Sunday, July 05, 2009

Book Review: Drumcree

The name of a parish church sitting on a hill outside Portadown has become famous across the world, and became one of the landmarks of the post-ceasefire Northern Ireland. Drumcree is famous because the Portadown District of the Orange Order attends Morning Prayer on the first Sunday in July, and that was as far as they were allowed for some years, being blocked and banned from their traditional route back to the County Armagh town via the Garvaghy Road.

The first Drumcree dispute was in 1995, with the stand off lasting for several days, until the parade was permitted on 11th July. During the stand off, main roads across Northern Ireland were blocked, and there was the threat of electricity supplies being turned off at Ballylumford. Something similar happened in 1996, with a stand off until the 11th. In 1997, the parade was immediately permitted following the church service, although trouble later flared in nationalist areas of Northern Ireland. Since 1998, the Orangemen have been prevented from returning along the Garvaghy Road, and the district is still symbolically remaining 'on the hill' at Drumcree. Indeed, today is 'Drumcree Sunday.'

As well as the Orange aspect of things, the political negotiations involved have been continuing, both through and despite the Parades Commission. Most recently, the First Minister has offered to meet both the Portadown District and the Garvaghy Road Residents Coalition. Away from these aspects of the dispute, however, there have also been pressures brought on the parish and rector of Drumcree by the Church of Ireland General Synod, and also by the former Archbishop of Dublin, Walton Empey.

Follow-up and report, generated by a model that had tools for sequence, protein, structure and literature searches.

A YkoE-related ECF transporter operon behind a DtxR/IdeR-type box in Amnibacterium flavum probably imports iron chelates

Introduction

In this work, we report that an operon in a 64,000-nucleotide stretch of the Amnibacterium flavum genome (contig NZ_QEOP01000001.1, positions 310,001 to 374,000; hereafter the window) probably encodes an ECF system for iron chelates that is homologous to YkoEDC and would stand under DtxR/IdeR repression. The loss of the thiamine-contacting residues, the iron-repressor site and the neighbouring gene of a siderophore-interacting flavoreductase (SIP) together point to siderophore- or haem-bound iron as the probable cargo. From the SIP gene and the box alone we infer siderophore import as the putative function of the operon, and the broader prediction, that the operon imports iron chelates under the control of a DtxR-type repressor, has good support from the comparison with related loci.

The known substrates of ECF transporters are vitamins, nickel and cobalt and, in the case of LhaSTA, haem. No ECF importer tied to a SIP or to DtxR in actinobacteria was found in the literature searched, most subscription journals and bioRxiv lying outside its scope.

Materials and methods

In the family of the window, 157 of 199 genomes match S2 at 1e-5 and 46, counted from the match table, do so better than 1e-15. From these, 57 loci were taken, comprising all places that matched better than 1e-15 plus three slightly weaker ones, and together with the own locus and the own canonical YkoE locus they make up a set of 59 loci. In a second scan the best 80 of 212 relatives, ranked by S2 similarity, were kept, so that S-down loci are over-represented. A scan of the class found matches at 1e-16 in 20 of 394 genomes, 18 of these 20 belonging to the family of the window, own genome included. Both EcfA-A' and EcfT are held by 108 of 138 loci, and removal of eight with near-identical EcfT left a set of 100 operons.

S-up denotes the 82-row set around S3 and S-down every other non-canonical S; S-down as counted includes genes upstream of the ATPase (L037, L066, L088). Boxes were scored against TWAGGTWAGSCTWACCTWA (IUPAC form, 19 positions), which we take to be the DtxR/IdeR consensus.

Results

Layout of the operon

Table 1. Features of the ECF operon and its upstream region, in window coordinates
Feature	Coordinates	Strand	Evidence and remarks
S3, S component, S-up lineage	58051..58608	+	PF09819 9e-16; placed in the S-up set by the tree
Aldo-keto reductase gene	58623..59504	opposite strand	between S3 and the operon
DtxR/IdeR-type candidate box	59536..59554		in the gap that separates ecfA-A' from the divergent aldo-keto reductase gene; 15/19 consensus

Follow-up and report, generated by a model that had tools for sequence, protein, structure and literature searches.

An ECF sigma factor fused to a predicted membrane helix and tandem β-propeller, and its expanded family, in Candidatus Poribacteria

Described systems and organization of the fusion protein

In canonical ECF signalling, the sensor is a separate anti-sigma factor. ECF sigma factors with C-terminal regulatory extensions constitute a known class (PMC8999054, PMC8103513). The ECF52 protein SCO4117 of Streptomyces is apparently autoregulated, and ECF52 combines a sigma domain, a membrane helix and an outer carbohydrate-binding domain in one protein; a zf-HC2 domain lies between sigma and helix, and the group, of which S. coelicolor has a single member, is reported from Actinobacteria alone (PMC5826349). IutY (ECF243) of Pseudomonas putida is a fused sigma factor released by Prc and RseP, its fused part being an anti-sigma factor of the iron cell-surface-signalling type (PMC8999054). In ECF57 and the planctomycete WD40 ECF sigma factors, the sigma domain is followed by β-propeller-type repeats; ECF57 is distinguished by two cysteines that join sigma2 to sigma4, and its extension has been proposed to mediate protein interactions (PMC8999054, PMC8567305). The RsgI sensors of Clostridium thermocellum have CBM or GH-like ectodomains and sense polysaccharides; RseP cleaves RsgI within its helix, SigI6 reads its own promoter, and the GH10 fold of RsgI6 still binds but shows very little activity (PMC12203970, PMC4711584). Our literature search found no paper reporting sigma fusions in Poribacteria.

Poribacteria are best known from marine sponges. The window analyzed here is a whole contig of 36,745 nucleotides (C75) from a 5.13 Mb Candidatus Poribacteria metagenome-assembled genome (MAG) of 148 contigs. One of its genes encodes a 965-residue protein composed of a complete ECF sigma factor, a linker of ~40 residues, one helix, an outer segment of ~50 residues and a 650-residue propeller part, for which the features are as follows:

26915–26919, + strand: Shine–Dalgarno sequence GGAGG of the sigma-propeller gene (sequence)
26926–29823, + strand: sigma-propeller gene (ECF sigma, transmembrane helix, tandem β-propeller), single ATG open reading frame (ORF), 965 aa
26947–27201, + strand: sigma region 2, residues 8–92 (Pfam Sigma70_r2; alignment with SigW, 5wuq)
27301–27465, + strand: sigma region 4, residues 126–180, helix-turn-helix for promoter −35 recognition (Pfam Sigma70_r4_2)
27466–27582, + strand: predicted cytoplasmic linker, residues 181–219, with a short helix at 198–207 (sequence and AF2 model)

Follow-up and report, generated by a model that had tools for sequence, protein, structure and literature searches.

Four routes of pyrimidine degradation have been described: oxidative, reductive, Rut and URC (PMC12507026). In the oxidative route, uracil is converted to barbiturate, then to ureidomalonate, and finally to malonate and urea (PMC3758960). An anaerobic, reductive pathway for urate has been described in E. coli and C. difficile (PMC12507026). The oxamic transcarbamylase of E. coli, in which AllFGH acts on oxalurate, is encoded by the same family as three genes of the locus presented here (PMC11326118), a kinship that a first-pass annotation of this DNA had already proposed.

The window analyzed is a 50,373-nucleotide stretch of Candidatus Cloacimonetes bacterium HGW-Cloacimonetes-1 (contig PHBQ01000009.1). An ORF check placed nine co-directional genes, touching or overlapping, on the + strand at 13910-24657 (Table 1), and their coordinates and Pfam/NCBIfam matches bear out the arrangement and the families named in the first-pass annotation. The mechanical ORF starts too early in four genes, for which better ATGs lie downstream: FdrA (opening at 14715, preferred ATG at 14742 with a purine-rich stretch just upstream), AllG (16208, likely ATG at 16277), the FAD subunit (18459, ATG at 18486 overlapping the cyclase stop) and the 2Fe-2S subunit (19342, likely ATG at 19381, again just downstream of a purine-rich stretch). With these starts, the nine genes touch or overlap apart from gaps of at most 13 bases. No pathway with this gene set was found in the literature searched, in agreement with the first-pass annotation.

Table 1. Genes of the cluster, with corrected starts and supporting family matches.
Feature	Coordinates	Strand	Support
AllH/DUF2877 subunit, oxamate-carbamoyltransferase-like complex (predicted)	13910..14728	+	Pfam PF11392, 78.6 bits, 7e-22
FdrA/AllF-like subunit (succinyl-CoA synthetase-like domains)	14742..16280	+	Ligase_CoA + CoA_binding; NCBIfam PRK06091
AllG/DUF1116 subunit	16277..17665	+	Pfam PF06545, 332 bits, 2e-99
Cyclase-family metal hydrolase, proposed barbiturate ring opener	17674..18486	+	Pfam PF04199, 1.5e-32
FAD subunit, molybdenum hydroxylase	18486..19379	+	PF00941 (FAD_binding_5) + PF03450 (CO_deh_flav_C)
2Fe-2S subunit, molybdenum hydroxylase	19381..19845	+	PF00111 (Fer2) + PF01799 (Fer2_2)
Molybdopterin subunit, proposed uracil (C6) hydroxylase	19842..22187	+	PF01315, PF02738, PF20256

Synod resolutions were passed calling on the Rector, John Pickering, to ban Orangemen from attending morning worship, thus (by their logic) removing the problem. Empey even went as far as to suggest that John Pickering could be sacked if he refused to obey the Synod, which was manifestly not true.

Much ink has been spilled and many books written about the Orange Order, and in particular, the Drumcree standoff. Recently released, however, is the insider view, from the pen of the Rector himself, following his retirement in September 2007. John kept scrupulous notes and notebooks as well as press cuttings from the years of dispute, and has collected them together to tell the story of Drumcree from his perspective. As well as the news events, the book opens us to life in a rectory, and the normal highs and lows of parish ministry. John then takes some time to reflect on the key issues at hand - those of Civil Freedom, Religious Freedom, The Church of Ireland, the media, and his own role in the situation.

Certainly not an easy place for parish ministry, with the focus of the world's media, and no support from a sizeable proportion of the wider Church of Ireland. Yet John displays grace and humility as he recalls the events, and reveals his principled stand rooted in God's faithfulness. By listening to him, we may even see a way forward for the future.

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